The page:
I basically took a break until the fall of 2013, when my buddy Greg and I were celebrating a weekend of bachelor-dome in the house and the webcast of Phish’s run in Denver. We partied hardy and I woke up the next morning feeling absolutely terrible. I did what sounded like a good idea at the time – I laced up a pair of old road shoes I had in the closet and went for a 3 mile run. It damn near killed me.
One thing led to another and soon I found myself signed up for the inaugural running of the Berkeley Half Marathon. I had never run longer than a 10k Turkey Trot before, but I was excited about pushing my physical limits while cruising around my home-town. I hit up Hal Higdon’s website for a basic half marathon plan and started putting in the miles. Two runs during the week and one “long” run on the weekend that built up to 10 miles the weekend before the race. I loved the fitness I was accumulating, and more important I loved being on a training schedule again. My life suddenly had structure and meaning that I hadn’t found since my days of racing bikes.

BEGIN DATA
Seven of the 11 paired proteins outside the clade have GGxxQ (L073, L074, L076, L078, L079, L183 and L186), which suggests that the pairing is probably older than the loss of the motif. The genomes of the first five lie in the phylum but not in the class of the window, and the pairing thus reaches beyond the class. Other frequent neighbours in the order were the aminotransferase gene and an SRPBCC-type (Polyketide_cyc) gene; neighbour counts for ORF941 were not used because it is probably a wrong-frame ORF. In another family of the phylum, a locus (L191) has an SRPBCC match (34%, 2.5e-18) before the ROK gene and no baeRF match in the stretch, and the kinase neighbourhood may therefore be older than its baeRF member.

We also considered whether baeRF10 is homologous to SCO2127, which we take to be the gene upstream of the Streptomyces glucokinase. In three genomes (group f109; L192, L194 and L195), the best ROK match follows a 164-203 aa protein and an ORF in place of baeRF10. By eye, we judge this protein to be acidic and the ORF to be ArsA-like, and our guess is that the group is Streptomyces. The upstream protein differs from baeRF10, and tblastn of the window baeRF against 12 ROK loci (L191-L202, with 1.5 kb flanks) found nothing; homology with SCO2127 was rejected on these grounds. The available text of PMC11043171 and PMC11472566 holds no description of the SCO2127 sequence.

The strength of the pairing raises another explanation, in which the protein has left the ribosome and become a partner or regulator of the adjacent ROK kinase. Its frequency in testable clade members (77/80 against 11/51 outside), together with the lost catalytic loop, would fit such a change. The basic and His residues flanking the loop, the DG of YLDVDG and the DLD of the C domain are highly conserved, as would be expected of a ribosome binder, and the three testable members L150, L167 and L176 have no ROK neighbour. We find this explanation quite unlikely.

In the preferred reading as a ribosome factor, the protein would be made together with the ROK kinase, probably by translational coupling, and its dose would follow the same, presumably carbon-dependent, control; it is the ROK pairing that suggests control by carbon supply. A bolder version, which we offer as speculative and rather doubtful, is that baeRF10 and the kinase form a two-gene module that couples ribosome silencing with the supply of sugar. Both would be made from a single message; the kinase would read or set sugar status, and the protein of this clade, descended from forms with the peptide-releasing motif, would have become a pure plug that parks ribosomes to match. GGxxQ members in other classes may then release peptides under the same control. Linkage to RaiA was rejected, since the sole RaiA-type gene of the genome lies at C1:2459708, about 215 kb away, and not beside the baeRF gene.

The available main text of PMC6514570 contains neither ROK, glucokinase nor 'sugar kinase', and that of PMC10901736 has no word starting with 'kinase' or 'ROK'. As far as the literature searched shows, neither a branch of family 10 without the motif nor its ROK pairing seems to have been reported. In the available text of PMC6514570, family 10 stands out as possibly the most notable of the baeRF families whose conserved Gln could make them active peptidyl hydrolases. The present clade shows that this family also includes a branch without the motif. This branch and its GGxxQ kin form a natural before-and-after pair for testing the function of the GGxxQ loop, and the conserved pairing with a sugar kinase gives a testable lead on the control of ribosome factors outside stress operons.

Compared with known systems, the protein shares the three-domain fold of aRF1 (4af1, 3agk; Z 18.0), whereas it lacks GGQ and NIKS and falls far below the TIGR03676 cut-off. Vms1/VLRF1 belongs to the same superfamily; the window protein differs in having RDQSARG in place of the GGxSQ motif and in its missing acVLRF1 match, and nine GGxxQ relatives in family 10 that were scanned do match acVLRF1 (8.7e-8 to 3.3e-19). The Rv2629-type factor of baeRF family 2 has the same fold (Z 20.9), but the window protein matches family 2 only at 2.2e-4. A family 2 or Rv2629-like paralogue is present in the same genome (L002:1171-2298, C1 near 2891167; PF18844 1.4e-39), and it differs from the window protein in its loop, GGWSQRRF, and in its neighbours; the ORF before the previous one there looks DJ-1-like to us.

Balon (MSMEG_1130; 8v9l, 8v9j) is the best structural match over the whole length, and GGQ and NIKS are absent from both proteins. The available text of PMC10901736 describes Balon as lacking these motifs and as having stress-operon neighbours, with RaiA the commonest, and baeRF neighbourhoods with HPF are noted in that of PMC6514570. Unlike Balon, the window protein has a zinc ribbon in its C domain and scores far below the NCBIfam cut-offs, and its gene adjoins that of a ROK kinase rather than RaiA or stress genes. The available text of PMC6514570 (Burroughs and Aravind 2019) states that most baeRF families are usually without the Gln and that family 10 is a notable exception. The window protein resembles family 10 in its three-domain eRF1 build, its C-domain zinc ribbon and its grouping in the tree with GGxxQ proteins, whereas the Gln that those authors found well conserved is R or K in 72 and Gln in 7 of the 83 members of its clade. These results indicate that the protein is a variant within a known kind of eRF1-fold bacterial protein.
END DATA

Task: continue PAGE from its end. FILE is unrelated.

I threw down a 1:53 in my first half marathon ever and couldn’t have been happier. I immediately signed up for the Oakland Half Marathon in March of 2014, where despite having an absolutely horrendous chest cold I bettered my time to 1:44:18 and sub 8 minute miles. I was loving it!
|My first half marathon!
It was at that point that my buddy Lance convinced me to go try a trail race. He had transitioned from cycling to the world of ultra-running a few years earlier than me and was already throwing down amazing times all around the Bay. I signed up for the Inside Trail China Camp Trail Half Marathon in May of 2014. I was in love the moment I signed up – all of the excitement of a road race, but without all the pomp and circumstance. Mellow, friendly people, and the course was on beautiful trails through the park. I ran up the significant climbs, wondering why all these losers were power-hiking, and of course was too tired by the end to finish strong. But I finished in 2:07, went straight for the cooler of post-race beer (no drink tickets required!) and knew that I had found my new sport.
And the rest, as they say, is history……